The rule everybody should abide by is you cannot get enough of the San Gabriel Mountains and every nook and cranny should be explored.
Chantry Flats may not be on many people’s bucket lists because it doesn’t have an extensive length, but it’s definitely a climb that should be on every Angeleno’s vernacular.
Nestled into the hills about halfway between GMR and the Angeles Crest Highway climbs, Chantry Flats is one of the more rustic ways to enter the mountains.
The ride coming up seems long and monotonous.
Following the western side of Santa Anita Canyon, there’s plenty of history in the area including Sturtevant Camp which was established in 1893.
It’s a very popular area for people to go hiking and I remember how crowded the trails were back when I was a runner.
Getting there always seems to be a bit of a hurdle as no matter which direction you take to get there, you’re going to have to do a bit of climbing to reach the gate.
Part of the road was washed out from the rain.
Once you pass into the grounds, it is a 3.3 mile ride averaging 6.5% up to the parking area where the paved road pretty much ends.
The start isn’t that welcoming as it’s one of the steeper portions going up.
Unlike the many other significant paved climbs in the area, the road snakes up the hill way more than others meaning cars can’t exactly sneak up on you.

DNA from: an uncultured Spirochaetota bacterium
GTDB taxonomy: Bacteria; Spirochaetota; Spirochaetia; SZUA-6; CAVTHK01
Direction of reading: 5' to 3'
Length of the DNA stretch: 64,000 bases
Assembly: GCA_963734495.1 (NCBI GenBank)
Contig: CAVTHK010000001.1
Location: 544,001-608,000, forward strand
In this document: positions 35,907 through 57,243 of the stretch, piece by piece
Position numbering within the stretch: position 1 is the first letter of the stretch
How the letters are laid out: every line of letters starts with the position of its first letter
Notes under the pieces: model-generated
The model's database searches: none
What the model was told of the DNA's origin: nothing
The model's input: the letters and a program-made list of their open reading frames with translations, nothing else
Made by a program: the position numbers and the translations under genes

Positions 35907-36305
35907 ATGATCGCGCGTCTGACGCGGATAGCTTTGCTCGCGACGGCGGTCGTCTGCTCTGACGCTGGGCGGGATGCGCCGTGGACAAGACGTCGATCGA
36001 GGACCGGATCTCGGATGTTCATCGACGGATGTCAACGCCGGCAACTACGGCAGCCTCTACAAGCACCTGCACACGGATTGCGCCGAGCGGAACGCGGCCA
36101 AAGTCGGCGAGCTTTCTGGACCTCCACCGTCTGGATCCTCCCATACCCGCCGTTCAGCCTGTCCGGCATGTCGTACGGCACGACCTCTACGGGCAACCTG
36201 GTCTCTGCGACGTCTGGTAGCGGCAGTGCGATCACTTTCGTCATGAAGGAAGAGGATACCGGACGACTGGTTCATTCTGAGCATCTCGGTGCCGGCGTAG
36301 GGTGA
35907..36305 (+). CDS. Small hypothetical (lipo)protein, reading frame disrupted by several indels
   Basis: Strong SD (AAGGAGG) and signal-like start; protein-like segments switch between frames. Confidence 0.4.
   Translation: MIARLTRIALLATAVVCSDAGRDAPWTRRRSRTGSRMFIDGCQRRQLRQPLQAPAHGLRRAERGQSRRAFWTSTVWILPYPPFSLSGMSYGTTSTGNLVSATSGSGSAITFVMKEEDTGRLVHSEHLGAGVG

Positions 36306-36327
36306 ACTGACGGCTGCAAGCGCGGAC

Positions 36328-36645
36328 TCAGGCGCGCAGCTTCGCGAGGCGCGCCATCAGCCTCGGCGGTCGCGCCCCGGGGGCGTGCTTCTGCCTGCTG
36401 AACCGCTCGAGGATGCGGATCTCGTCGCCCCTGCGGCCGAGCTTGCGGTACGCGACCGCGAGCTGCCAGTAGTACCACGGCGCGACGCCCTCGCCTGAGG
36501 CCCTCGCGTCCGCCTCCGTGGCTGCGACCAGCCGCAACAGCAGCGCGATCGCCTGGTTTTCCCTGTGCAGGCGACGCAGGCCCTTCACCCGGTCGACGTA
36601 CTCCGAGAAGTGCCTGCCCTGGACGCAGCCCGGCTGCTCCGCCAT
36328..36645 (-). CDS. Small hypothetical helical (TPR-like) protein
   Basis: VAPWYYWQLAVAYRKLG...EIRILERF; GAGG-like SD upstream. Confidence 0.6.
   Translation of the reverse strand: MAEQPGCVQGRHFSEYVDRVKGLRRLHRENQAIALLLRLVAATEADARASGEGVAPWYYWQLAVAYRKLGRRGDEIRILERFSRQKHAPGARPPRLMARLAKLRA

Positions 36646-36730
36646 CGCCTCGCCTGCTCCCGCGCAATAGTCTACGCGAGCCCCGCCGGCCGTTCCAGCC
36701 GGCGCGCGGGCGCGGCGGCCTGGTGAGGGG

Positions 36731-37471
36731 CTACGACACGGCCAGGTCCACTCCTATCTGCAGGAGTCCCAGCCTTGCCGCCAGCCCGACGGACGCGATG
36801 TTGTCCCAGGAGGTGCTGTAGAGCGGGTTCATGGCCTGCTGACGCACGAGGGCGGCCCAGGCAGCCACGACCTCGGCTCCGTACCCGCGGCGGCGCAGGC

You feel on the edge early on.
Thank you engineers from days of yore.
At the same time, this is only a two lane road with limited shoulders.
During this ride, part of the road was washed out which was actually a condition that probably wasn’t aided with the rain coming down.
This guy is better equipped than me to handle the conditions.
I happened to be riding up on my heavy gravel bike which even on the steeper portions allowed me to keep a good spinning speed.
Even in these poor conditions, there were a number of mountain bikers speeding down pretty well dressed to handle things.
I don’t know if these riders were from those shuttles you see up on the ‘Crest, but those vans I see up there make a lot of sense.
It’s a pleasure to ride along the edge.
As the curves get less tight, you start to see the canyon form below which eventually leads to the Santa Anita Dam.
The good news is that you’re halfway done and the climb backs off to a far more “pedestrian” 6% – 7% for most of the way.
As you advance, the side of the road gets more filled with cars and hikers getting ready to access the trails meaning you don’t have to worry about drivers speeding by, but more people popping out.
Glad to have this status.
You’ll also notice along the way sections of stone wall which is another feature you don’t regularly see on modern roads.
Even as you near the end, you don’t escape the feel that you’re in a canyon.
You’ll have to do some off-roading to change that as there are trails that lead you up the mountain.
These mountain bikers were taking refuge.
As you see the main parking lot area coming up, you’ll see the bathrooms and water fountain on your right which leads you to the Winter Creek and Sturtevant Trails.
Since you’ve gone this far, you should head up to the Adams Pack Station by continuing through the parking and through a little dirt.
It’s raining hard, but dammit! I’m going to get that last shot!
It’s a spot where campers can buy goods and other sundries to survive the wilderness, as well as some adult beverages too.
Chantry Flats is a great climb that’s fine to handle under any conditions.
Just make sure to keep your camera dry if you plan to take shots…